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Wednesday, 6 July 2016 - Strasbourg
Japan’s decision to resume whaling in the 2015-2016 season

European Parliament resolution of 6 July 2016 on Japan’s decision to resume whaling in the 2015-2016 season (2016/2600(RSP))

The European Parliament,

–  having regard to the International Whaling Commission’s agreement on zero catch limits (the ‘moratorium’) for commercial whaling that came into effect in 1986,

–  having regard to Resolution 2014-5 adopted by the International Whaling Commission at its 65th meeting in September 2014,

–  having regard to the Aichi Biodiversity Targets agreed under the International Convention on Biological Diversity,

–  having regard to Council Directive 92/43/EEC of 21 May 1992 on the conservation of natural habitats and of wild fauna and flora(1) (the Habitats Directive),

–  having regard to its resolution of 19 February 2009 on Community action in relation to whaling(2),

–  having regard to the ruling of the International Court of Justice (ICJ) of 31 March 2014 in the case concerning whaling in the Antarctic (Australia v Japan: New Zealand intervening),

–  having regard to the démarche signed by the EU in December 2015 concerning Japan’s resumption of whaling in the Southern Ocean under the New Scientific Research Whale Programme (NEWREP-A),

–  having regard to Rules 128(5) and 123(4) of its Rules of Procedure,

A.  whereas in 1982 the International Whaling Commission (IWC) put in place a moratorium on all commercial whaling, which is still in force, in order to protect stocks from extinction and allow them to recover; whereas the International Convention for the Regulation of Whaling includes special provisions that allow whaling of limited amounts of animals for strictly scientific research purposes, known as ‘special permit whaling’;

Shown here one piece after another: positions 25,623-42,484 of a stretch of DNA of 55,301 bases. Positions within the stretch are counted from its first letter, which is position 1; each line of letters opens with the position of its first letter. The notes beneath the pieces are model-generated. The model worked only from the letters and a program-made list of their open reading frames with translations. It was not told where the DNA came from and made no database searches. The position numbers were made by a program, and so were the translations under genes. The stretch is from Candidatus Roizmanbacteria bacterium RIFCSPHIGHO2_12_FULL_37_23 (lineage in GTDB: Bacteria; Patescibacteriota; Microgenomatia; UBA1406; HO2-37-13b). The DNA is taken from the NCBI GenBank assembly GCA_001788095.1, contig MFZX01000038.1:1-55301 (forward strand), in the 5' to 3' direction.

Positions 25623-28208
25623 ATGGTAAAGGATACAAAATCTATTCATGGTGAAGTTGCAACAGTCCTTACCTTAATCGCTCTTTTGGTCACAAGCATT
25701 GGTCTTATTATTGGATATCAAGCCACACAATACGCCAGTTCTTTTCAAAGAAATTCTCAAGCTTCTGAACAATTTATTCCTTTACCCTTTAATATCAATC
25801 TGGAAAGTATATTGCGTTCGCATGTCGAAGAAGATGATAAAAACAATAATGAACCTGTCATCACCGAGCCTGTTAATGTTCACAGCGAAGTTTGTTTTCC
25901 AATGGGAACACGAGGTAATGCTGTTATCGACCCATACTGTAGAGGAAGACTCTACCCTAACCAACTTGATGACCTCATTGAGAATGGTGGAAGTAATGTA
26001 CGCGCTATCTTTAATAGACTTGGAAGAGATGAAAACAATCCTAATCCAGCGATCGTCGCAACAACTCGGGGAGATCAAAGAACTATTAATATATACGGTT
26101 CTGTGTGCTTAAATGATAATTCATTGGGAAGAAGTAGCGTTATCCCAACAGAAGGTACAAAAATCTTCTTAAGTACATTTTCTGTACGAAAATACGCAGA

B.  whereas, despite this moratorium, commercial whaling continues to be practised by several countries; whereas, since the introduction of the moratorium, the number of whales killed using special permit authorisation for alleged scientific research has actually increased; whereas Japan has been conducting such whaling under special permit for decades;

C.  whereas Japan, despite this international ban which came into effect in 1986, continued its whaling activities, killing over 20 000 whales(3) up to 2014;

D.  whereas whaling causes severe suffering to individual animals and threatens the conservation status of whale populations as a whole;

E.  whereas all species of great whales are listed in Appendix I to the Convention on International Trade in Endangered Species of Wild Fauna and Flora (CITES);

F.  whereas, in its judgment of 31 March 2014, the ICJ ordered the halting of Japan’s annual hunt of whales, based on its JARPA II programme, because there was a ‘lack of scientific merit’ and the permits it issued were not conducted for scientific research as Japan claimed;

G.  whereas scientific permits allow whale meat to be sold or given away while scientific needs can be met with perfectly innocuous alternatives; whereas DNA sampling and remote monitoring give scientists the opportunity to learn about whales and collect samples without killing them;

H.  whereas, in October 2015, Japan deposited a declaration with the UN recognising the jurisdiction of the ICJ but with an exception for any dispute arising out of, concerning or relating to research on, or conservation, management, or exploitation of, living resources of the sea, effectively ruling out future challenges in the ICJ to their special permit whaling programme;

I.  whereas in November 2015 the Japanese Fisheries Agency notified the IWC that it would resume whaling under the New Scientific Research Whale Programme (NEWREP-A);

J.  whereas Japan has, for many years, been engaged in the commercial trade of whale meat and products, despite the fact that they are listed in Appendix I to the CITES;

K.  whereas the expert panel of scientists of the IWC that considered and reviewed NEWREP-A concluded that the proposal did not demonstrate the need for lethal sampling to achieve the stated objectives;